Igor AronsonArgonne's Arsonson directs traffic at busy research intersections

In his almost 20-year tenure at DOE's Argonne National Laboratory, physicist and materials scientist Igor Aronson has primarily investigated soft condensed matter physics, which deals with the material states that are easily deformable by thermal fluctuations or mechanical stresses. Much of his work has focused on the intersection of small mechanical structures and living matter – bacteria. Aronson took some time to talk about his research, career, and hobbies.

What attracted you to work at Argonne?

I came to Argonne in 1996 as a visiting scientist, attracted by the lab’s high scientific standards and significant opportunities to conduct challenging research. I’ve stayed, and my career here has been very rewarding.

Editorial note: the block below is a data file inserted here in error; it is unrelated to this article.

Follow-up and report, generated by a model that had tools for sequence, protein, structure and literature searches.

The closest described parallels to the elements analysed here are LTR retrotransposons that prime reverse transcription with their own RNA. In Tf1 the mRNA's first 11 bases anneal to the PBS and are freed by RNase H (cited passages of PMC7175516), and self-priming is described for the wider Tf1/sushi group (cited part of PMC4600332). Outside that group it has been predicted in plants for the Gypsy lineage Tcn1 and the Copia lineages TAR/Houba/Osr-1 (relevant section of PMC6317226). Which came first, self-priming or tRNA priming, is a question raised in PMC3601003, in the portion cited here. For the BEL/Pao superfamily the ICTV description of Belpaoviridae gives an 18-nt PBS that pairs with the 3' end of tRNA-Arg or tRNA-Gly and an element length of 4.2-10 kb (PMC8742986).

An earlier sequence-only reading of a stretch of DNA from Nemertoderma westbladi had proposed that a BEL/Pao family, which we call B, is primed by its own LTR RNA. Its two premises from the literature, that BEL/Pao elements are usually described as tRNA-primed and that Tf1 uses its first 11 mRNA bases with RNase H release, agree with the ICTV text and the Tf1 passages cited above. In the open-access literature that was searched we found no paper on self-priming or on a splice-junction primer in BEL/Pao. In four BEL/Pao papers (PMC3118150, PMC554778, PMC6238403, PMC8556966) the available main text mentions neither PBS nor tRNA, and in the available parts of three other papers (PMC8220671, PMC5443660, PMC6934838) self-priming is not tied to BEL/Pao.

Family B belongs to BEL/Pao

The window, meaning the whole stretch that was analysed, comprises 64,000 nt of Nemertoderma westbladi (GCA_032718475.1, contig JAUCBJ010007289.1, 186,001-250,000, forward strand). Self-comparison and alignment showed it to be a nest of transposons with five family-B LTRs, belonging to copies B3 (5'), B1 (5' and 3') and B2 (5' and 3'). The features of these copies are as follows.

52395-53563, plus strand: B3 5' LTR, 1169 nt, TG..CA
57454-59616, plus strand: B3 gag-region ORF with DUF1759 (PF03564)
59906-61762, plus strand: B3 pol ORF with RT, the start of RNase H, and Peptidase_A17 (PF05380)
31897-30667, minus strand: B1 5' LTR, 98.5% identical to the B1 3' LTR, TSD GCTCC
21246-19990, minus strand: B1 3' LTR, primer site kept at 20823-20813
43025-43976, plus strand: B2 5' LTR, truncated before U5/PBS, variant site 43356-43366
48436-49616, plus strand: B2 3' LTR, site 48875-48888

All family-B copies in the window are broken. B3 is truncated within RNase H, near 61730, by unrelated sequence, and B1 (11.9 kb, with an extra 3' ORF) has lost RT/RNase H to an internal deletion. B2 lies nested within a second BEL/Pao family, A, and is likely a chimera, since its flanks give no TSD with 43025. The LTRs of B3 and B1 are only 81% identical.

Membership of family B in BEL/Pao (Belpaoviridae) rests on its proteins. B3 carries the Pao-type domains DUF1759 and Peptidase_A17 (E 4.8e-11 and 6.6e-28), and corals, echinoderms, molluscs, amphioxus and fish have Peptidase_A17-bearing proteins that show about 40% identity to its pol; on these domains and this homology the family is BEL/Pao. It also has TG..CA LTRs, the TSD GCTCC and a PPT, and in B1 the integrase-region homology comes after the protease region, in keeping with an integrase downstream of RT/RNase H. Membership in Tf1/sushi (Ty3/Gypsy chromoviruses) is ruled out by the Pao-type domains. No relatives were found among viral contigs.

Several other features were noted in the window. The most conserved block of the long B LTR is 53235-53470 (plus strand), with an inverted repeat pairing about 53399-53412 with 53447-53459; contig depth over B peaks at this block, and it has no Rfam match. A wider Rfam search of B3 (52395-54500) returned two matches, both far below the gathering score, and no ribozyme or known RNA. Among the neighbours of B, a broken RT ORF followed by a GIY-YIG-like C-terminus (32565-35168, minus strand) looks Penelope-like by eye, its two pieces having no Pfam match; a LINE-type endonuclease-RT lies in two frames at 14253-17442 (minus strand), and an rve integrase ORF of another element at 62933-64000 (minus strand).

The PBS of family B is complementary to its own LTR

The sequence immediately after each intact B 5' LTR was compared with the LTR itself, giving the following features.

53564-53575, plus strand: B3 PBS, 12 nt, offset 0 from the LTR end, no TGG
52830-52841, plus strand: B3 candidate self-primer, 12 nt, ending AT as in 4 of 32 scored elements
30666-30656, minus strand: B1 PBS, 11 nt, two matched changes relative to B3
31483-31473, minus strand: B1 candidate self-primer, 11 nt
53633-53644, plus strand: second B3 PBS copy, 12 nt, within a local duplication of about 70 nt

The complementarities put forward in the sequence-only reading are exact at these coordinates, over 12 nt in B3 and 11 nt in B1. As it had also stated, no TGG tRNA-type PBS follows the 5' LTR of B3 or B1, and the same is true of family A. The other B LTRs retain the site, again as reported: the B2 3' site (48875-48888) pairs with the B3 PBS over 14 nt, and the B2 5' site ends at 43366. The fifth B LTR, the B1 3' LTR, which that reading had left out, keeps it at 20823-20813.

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Metal organic framework.Innovation to advance natural gas fueled vehicles

As part of his 2014 State of the Union Address, President Barack Obama called for improved use of natural gas in transportation and industry. The President called for an Energy Security Trust Fund to finance research and development for advanced vehicle technologies that focuses on shifting our cars and trucks off oil and promotes vehicles that run on electricity, hydrogen and domestically produced natural gas.

Scientists at the Department of Energy’s Savannah River National Laboratory are doing their part to help promote this effort.

Cars fueled by natural gas are not a new concept, but the challenge exists over finding a cost-effective, low-pressure storage system that can be refueled at a gas pump, similar to today’s vehicles. Researchers at SRNL are working with a special material for use in gas storage tanks, using innovation to address concerns over both cost and safety.

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See also…

DOE Pulse
  • Number 428  |
  • December 8, 2014
  • National Synchrotron Light Source II achieves 'first light'